Preventing and Treating Muscle Strains


Health & Safety
Preventing and Treating Muscle Strains

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Muscle Strains can happen to anyone.  They occur in the course of normal activities of the day or as a result of sudden use of a muscle with activity.  Why do they happen, how can we treat them, and can we prevent them?


Activities that can increase the risk of muscle strain include physical activity at work, with sudden acceleration or deceleration, throwing, quick and/or heavy lifting, sudden coughing, or injury of muscle while performing irregular work tasks.

It is possible to strain any muscle that moves bones. Commonly strained muscles include: 

  • the lumbar muscles,
  • hamstring muscles of the posterior thigh,
  • abdominal muscles,
  • biceps muscles,
  • triceps muscles,
  • adductor muscles, 
  • quadriceps muscles of the thigh,
  • triceps muscles,
  • calf muscles,
  • upper back muscles including trapezius and rhomboid muscles,
  • neck muscles,
  • intercostal muscles and oblique muscles of the chest.


Muscle strain typically involves varying degrees of injury to tiny blood vessels. The effects of swelling or local bleeding into the muscle can best be managed early on by applying ice packs to close the blood vessels and maintaining the strained muscle in a relaxed, stretched position.

Heat can be applied to further relax the muscle when the swelling has lessened (in general, about 12-24 hours after the initial strain). However, the early application of heat can increase swelling and pain.  Note: Ice or heat should not be applied to bare skin!  Always use a protective covering such as a towel between the ice or heat and the skin.

Take nonsteroidal anti-inflammatory agents (NSAIDs) such as aspirin (Bufferin, Ecotrin) and ibuprofen (Advil) to reduce the pain and to improve one's ability to move around.   However, do not use aspirin in children with muscle strains.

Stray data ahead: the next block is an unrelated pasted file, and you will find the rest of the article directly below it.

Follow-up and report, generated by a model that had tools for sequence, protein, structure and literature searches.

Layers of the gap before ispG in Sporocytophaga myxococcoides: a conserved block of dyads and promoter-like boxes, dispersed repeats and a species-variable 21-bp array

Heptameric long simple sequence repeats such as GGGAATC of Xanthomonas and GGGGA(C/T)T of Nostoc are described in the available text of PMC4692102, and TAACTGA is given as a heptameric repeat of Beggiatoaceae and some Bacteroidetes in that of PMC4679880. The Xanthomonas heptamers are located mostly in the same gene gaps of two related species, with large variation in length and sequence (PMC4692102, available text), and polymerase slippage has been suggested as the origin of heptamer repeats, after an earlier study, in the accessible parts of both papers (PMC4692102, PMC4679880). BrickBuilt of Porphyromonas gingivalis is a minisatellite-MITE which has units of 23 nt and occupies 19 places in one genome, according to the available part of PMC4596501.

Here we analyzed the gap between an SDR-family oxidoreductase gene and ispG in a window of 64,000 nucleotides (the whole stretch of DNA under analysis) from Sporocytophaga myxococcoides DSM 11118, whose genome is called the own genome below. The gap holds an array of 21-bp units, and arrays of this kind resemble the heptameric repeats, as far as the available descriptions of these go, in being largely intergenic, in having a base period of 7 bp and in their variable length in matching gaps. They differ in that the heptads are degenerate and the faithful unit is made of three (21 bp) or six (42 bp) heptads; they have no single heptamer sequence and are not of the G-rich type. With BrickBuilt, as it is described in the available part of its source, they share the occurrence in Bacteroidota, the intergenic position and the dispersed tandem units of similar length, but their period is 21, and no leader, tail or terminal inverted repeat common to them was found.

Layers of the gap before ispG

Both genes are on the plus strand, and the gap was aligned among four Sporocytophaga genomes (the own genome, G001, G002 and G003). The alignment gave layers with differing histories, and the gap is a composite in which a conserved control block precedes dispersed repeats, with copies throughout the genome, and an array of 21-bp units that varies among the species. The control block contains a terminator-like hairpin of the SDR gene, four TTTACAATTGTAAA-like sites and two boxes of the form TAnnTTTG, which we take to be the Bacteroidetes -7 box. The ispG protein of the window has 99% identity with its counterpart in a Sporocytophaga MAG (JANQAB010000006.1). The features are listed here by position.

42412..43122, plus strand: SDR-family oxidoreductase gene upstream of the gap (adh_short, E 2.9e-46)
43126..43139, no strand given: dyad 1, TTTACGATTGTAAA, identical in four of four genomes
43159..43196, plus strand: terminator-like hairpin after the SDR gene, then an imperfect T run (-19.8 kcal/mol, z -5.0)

• Protect, Rest, Ice, Compress, Elevate (known as the PRICE formula) is used for Muscle Strain Treatment.   Here's how the treatment works: First, remove all constrictive clothing, including jewelry, in the area of muscle strain and then...


Protect the strained muscle from further injury.

Rest the strained muscle. Avoid the activities that caused the strain and any activities that are painful.

Ice the muscle area (20 minutes every hour while awake). Ice is a very effective anti-inflammatory and pain-relieving agent. Small ice packs, such as packages of frozen vegetables or water frozen in foam coffee cups, applied to the area may help decrease inflammation.

Compression can be a gently applied with an Ace or other elastic bandage, which can provide both support and decrease swelling. Do not wrap tightly.

Elevate the injured area to decrease swelling. Prop up a strained leg muscle while sitting, for example.



Activities that increase muscle pain or work the affected body part are not recommended until the pain has significantly gone away.



Not all muscle strains can be prevented, but the chance for them to develop may be reduced by the following:

  • Avoid injury by daily stretching.
  • Stretch every time before exercise.
  • Establish a warm-up routine prior to engaging in strenuous exercise.
  • Start an exercise program in consultation with a doctor.

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“Be Safe - Work Safe. Safety is No Accident!”

Jeremy Paradis, Director of Health & Safety, Tradebe USA

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